Al-Adhamiyah (Arabic: الأعظمية, al-aʿẓamiyyah; BGN: Al A‘z̧amīyah), also Azamiya, is a neighborhood and east-central district of the city of Baghdad, Iraq. It is one of nine administrative districts in Baghdad.
Adhamiyah is located north-west of the city center and is an upscale area. It has 100,000 inhabitants. This area was 85% Sunni, 15% Shi'ite before 2003 and the Iraqi invasion. Now, it serves as one of the few points of refugee for the Sunni minority of Baghdad, and nearly totally Sunni in its religious composition.
The base of the population consists of people with a high intellectual background, whether it be politicians, artists, scholars and even sports figures. The name is a reference to Abū Ḥanīfah an-Nuʿmān, known as al-Imām al-Aʿẓam (Arabic: الإِمَـام الأَعـظَـم, "The Great Imam"), a renowned scholar and founder of the prominent Sunni Hanafī school of Islamic religious jurisprudence. Abu Hanifa Mosque is a prominent landmark, built around the tomb of Abū Ḥanīfah an-Nuʿmān.
Adhamiyah neighborhood dates back to the Abbasid period and is one of the oldest areas of Baghdad.
2005 Al-Aaimmah bridge stampedeEdit
Although Adhamiyah has been the site of many clashes between Iraqi insurgents and US forces as well as tensions between Shi'ite security forces and Sunni residents, in September 2005, the residents of Adhamiyah were credited with saving hundreds of Shi'ite lives. Shi'ite pilgrims, who were caught in a stampede on Al-Aimmah Bridge, while coming from the opposing shore of Kadhimiyah, began jumping from the bridge in an attempt to escape the crush, only to face drowning in the Tigris below. Adhamiyah residents dove into the waters, pulling hundreds of Shi'ites to the shore, where their fellow residents transported them to hospitals and mosques. In some cases, residents used mattresses from their own beds as makeshift stretchers. A teenage Sunni called "Othman Ali Abdul-Hafez" drowned while rescuing people. According to the Interior Ministry, upwards of 900 Shi'ite pilgrims died in the stampede, with over 400 wounded.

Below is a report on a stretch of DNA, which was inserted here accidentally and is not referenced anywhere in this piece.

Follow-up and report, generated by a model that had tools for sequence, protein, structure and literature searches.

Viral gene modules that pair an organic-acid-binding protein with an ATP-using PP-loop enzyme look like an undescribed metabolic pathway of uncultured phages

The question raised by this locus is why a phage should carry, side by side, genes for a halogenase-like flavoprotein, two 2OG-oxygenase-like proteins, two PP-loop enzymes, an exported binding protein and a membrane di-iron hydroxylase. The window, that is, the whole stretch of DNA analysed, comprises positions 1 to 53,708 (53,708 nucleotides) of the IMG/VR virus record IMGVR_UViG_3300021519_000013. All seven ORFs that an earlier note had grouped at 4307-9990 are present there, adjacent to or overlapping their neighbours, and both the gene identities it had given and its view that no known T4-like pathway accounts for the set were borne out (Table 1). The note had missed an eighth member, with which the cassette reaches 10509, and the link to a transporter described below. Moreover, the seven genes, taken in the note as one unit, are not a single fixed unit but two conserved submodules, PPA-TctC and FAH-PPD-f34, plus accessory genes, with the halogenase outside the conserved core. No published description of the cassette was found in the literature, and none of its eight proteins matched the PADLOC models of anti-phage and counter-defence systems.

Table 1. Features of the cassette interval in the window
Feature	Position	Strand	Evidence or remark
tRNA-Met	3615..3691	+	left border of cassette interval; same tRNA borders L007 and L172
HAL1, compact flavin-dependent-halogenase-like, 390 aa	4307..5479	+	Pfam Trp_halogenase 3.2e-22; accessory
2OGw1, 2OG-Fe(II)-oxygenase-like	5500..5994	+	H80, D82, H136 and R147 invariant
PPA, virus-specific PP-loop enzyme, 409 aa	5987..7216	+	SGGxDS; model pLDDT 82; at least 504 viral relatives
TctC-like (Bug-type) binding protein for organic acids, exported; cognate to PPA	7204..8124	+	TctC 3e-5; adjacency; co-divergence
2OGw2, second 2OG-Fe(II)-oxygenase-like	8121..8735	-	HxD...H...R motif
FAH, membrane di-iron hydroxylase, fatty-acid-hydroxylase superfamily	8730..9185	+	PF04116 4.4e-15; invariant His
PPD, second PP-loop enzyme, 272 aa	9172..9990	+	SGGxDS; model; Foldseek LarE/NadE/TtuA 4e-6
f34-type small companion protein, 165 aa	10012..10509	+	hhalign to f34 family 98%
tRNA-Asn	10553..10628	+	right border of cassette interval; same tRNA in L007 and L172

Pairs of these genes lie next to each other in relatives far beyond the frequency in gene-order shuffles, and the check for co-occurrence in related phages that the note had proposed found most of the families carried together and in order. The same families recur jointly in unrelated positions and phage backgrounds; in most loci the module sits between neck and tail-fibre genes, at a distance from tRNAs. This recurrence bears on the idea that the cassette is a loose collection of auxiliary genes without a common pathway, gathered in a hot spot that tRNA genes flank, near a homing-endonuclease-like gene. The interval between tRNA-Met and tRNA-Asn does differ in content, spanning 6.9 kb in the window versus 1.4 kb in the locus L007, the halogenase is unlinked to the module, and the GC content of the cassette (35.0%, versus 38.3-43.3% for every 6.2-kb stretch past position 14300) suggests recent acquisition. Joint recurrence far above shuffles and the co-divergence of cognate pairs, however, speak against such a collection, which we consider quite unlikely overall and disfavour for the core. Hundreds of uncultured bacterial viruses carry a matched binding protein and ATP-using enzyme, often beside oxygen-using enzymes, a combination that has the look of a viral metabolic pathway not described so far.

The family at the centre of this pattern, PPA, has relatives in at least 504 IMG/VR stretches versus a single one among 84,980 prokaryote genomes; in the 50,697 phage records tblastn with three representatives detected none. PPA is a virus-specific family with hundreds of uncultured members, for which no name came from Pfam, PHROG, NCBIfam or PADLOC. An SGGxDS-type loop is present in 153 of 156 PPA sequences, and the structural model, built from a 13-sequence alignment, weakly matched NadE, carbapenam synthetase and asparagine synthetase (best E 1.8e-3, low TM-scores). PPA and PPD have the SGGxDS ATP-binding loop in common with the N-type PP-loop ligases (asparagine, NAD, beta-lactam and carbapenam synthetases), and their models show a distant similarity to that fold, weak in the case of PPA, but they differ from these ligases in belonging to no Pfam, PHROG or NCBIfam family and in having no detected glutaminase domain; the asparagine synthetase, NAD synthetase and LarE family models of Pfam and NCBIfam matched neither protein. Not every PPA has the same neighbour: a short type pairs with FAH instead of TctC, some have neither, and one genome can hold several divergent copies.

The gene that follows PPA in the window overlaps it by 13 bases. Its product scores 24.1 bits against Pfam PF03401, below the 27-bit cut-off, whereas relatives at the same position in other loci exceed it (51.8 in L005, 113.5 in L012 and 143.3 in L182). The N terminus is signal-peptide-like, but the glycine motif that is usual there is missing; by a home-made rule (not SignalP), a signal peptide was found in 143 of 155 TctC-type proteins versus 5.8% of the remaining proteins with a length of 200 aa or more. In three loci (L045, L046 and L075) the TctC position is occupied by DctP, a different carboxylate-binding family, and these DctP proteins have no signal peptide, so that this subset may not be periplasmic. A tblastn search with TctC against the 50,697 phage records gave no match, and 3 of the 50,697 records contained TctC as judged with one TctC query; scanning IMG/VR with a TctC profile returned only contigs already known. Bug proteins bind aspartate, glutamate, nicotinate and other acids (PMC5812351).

Shi'ite families forced out in 2006 post-Samarra fled to surrounding Shiite neighborhoods like Shaab. Sunni families displaced from these Shiite areas moved in. Many long-established Sunni residents went abroad and either locked their homes or arranged for trusted Sunni neighbors to guard them against displaced Sunni newcomers, fearing people who might break into the house and stay there. As of 2015, Adhamiyah remains one of the few majority Sunni districts in Baghdad.
On April 10, 2007, Coalition forces began to construct a 5-kilometre-long (3 mi), 3.7-metre-high (12 ft) wall around the Adhamiyah neighborhood in an attempt to reduce Sunni-Shi'a violence. Prime Minister Nouri al-Maliki called for a halt to construction on April 22, but it was finished anyway in May.
Summer 2007 onwardsEdit
During summer 2007, two Bradley Fighting Vehicles were destroyed by deep buried IEDs in the Adhamiyah area. One was from C Company and one was from A Company, Task Force Spader, 1st Battalion 26th Infantry Regiment of the 1st Infantry Division, US Army. Sniper and IED tactics were commonly used against Coalition forces in the area during this time.
By late fall 2007, life in Adhamiya had begun to resemble a city again with traffic jams, the reopening of shops, and an abatement of violence. Security efforts of the 2-319th AFAR 82nd Airborne Division, 3rd Squadron 7th Cavalry Regiment and cooperation of the local law enforcement and military. However, in January 2008 terrorists killed Col. Riyadh al-Samarrai, a founder of the Sunni Awakening Council, a new American ally, in Adhamiya at the offices of the Sunni Endowment. He was a close aide and security adviser to the leader of the Sunni Endowment, Sheik Ahmed Abdul Ghafour al-Samarrai, who held Al Qaeda responsible.
Electricity has improved. Six or seven hours a day is the quota, although people still rely heavily on private generators. Americans guarded fuel convoys going through the wall until June 30, 2009, when they withdrew from the city pursuant to the security agreement with Iraq.
Garbage removal has improved. Americans are clearing rubble, and young Iraqis have been hired to pick up trash, but people often burn garbage at the huge trash dumps nearby, which is a nuisance for residents.
- al-Aadhamy. History of the Great Imam mosque and al-Adhamiyah mosques 1. p. 29.
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